Copper Beech – Frick Park
Visitors to Frick Park can marvel at this statuesque copper beech by entering through the gatehouse located at Reynolds and Homewood Streets in Point Breeze.
This tree was selected as a Tree of a Kind for its appearance and relatively unique species for the area.
“It is a magnificent copper beech. The leaves are almost like flames on a clear day in the spring. I walk by this tree daily and can also see it from my kitchen window and feel so enlivened by being in its presence,” says the tree’s nominator.
European Hornbeam – Arsenal Park
This unique tree is likely one of the largest, if not the largest European hornbeams on City property. It was nominated and selected as a Pittsburgh Champion and can be nominated to the PA Champion Trees registry as well.
You can find this tree in Arsenal Park, southeast of the flag pole near the main entrance off 40th Street.
“It is possibly the largest of its species on City property, and is still growing vigorously,” says the nominator.
Katsura – Mellon Park
This katsura can be found near the Remarkable bald cypress in Mellon Park, south of the entrance at Beechwood Boulevard and Fifth Avenue.
This tree was selected as a Tree of a Kind. It is a relatively unique species in Pittsburgh, and has a hidden secret: in the fall, it releases a sweet scent similar to cotton candy!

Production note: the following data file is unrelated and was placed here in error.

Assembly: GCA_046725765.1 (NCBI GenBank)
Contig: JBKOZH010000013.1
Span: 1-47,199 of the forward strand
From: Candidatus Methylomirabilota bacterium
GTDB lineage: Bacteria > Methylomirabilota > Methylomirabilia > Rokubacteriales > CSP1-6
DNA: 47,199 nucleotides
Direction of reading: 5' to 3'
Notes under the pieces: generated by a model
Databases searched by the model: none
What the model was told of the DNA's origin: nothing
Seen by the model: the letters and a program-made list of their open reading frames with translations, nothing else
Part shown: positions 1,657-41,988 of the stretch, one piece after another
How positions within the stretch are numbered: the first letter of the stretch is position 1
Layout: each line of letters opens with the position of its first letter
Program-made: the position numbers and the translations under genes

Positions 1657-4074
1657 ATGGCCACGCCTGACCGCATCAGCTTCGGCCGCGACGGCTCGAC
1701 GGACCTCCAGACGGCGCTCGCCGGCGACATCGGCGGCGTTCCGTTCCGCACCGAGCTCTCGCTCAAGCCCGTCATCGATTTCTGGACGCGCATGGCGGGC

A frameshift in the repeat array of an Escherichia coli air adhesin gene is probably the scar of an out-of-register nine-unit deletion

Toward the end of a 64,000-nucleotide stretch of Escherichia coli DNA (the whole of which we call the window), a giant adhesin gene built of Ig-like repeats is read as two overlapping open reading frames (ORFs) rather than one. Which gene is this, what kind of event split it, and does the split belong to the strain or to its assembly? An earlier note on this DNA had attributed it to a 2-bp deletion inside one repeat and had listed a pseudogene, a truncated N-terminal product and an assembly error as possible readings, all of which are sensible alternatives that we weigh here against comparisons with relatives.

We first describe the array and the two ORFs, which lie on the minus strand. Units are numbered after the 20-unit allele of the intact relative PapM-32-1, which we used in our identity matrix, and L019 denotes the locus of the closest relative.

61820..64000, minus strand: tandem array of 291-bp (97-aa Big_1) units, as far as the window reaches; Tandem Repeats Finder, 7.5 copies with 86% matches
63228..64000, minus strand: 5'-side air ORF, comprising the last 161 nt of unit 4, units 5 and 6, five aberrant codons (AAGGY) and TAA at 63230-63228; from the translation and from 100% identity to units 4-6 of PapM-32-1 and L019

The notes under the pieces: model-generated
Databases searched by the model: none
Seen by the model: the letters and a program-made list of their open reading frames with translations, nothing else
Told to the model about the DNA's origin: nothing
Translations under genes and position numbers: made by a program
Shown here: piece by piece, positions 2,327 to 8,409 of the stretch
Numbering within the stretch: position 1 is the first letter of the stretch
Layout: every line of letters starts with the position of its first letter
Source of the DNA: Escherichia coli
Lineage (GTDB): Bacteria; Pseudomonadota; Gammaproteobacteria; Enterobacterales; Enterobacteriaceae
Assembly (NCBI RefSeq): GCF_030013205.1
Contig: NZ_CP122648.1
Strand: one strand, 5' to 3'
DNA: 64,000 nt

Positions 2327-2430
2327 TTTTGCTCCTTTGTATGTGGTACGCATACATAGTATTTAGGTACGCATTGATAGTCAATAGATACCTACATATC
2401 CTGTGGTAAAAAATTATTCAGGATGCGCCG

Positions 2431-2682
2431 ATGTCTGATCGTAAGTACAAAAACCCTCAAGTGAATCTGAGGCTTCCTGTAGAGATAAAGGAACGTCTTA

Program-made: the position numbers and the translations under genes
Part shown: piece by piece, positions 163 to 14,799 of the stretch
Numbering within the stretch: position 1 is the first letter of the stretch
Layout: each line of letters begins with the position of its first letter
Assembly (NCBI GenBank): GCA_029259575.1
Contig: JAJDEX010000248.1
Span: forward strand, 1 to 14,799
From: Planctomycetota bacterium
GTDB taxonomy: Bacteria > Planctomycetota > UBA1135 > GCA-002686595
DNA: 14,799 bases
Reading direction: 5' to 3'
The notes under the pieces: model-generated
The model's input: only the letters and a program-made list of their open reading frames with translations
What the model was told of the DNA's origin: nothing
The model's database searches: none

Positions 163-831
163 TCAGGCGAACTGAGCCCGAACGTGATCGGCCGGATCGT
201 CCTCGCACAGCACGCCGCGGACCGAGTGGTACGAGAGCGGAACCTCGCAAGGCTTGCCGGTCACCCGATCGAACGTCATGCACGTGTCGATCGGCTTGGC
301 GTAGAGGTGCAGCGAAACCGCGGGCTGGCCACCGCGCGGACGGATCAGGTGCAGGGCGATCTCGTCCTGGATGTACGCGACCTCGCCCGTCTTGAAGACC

The nominator for the Katsura said, “This tree is a delight to park visitors, especially to the children who love to play nearby in the fall and enjoy the sweet scent of cotton candy that fills the air around it. It’s also an ever- changing color palette throughout the year, as the leaves change from reddish purple in the spring to blue-green in the summer and finally to beautiful shades of lemon and apricot in the fall.”
Lacebark Pine – Mellon Park
The third tree to be nominated in Mellon Park for 2023 is a lacebark pine. This tree can be found in Mellon Park north of Fifth Avenue, near the intersection with Penn Avenue.
This tree was selected as a Tree of a Kind because of its unique species and distinctive bark.
“The variety of colors on the bark of this tree compels visitors to move closer to investigate. The number of trunks makes it even more interesting, and the shape of the tree is beautiful. It is a treasure!” says the nominator.
White Oak – Phillips Park
Be sure to head to Carrick to see this beautiful white oak, located between the orange steps and the swimming pool. Admire it as you enjoy the disc golf course!
This tree was selected as a Giving Tree. Not only does it provide food for wildlife through acorns, it also provides all park visitors with shade as one of the tallest white oaks in the park.
The nominator for the white oak said, “This tree is large and beautiful, and provides many benefits.”
Check out the Remarkable Trees Map
Whether you’re at your desk or on the go, you can see a map of all the Remarkable Trees by visiting the Map page.